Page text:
• Chapter 9: Surrendering and Prisoners-of-War
    • Chapter 10: Tabletop Terrain
    • Chapter 11: Forming a Club
  • Section 2: Historical Scenarios and Notes
    • Chapter 12: Early Wheeled Warfare – Chariots of the Ancients
    • Chapter 13: The first battle of All Time – Qadesh
    • Chapter 14: Ancient Warfare: Cynoscephelae (197 BC), the Roman Legion, the Roman Civil War and Boudicca's Revolt
    • Chapter 15: Ponderous Pachyderms – Rules for Elephants
    • Chapter 16: The Incomparable English Archer, the Forerunner of the English Infantryman
    • Chapter 17: They Fought for Gold! Mercenaries of the Middle Ages
    • Chapter 17: Wargaming The Thirty Years War (N.B. For some reason there are TWO Chapter 17s in my copy!)
    • Chapter 18: Formal Warfare of the 18th century
    • Chapter 19: War of The American Revolution
    • Chapter 20; Wellington in the Peninsular
    • Chapter 21: The American Civil War – Instant Wargaming
    • Chapter 22: The Sands of The Desert ...
    • Chapter 23: Great-Grandfather's War – The Boer War 1899-1902
    • Chapter 24: They Came in Like Great Birds ...! The Storming of Eben Emael 1940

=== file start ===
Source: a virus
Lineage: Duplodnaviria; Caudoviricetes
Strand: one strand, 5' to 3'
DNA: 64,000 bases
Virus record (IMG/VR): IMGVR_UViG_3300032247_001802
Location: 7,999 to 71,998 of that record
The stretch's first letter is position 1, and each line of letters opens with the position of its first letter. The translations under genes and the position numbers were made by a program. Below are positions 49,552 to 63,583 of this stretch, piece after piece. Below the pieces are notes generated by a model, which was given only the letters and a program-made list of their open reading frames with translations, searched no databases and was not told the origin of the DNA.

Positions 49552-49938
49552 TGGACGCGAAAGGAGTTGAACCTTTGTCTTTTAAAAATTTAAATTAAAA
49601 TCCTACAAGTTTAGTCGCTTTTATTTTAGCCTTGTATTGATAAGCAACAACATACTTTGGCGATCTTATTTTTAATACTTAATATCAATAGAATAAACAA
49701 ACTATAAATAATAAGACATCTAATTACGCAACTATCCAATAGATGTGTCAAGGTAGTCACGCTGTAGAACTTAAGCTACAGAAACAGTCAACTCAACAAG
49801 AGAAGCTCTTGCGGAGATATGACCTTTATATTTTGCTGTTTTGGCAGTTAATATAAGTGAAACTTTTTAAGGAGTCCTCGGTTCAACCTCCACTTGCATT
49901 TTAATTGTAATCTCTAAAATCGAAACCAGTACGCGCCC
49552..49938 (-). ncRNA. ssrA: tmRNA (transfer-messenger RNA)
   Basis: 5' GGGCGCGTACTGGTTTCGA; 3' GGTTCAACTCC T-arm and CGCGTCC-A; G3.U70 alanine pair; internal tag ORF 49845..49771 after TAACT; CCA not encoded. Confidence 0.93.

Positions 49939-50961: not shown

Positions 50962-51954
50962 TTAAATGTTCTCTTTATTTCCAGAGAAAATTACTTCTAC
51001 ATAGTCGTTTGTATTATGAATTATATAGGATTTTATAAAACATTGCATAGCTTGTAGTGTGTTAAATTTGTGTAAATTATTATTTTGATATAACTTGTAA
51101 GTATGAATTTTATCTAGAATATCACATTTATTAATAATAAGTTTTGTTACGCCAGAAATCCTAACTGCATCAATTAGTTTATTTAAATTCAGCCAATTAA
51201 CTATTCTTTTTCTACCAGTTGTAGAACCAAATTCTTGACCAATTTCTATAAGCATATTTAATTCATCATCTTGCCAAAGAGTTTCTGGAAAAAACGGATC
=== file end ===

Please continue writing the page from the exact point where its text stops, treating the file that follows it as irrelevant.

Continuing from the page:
• Chapter 25: Pure War - Tanks in the Desert 1940-42
    • Chapter 26: They came From the Sea – Commando Raids – Saint Nazaire
    • Chapter 27: A Battle For All Seasons – Auberoche
  • Section 3: Reference
I thoroughly enjoyed reading this book ... which is – to all intents and purposes – a new one rather than a merely revised and re-edited one. Its details are as follows:

Written by Donald Featherstone, edited by John Curry, and published by The History of Wargaming Project (2012)
ISBN 978 1 291 03476 9


  1. Noted Bob and thank you for the info.

    Unfortunately the new edition is unlikely to have had the covers "loved" off it by a enraptured 11 year old Kinch nor will it be signed by the author.

    I might buy it - but I probably won't read it. It would be like being unfaithful.

  2. Conrad Kinch,

    I know exactly what you mean. I have three editions of Donald Featherstone's first book, but love the one with the torn and worn dust cover more than the other two.

    All the best,


  3. I can understand your disparagement of the original random arrangements in the original edition. But I tended to think of the original as a rather ... discursive treatment and found it kind of endearing. The marginal bits gave the whole thing a bit of character. Overall, it was basically a bedside book, nothing really profound therein, and you could flip around as you chose.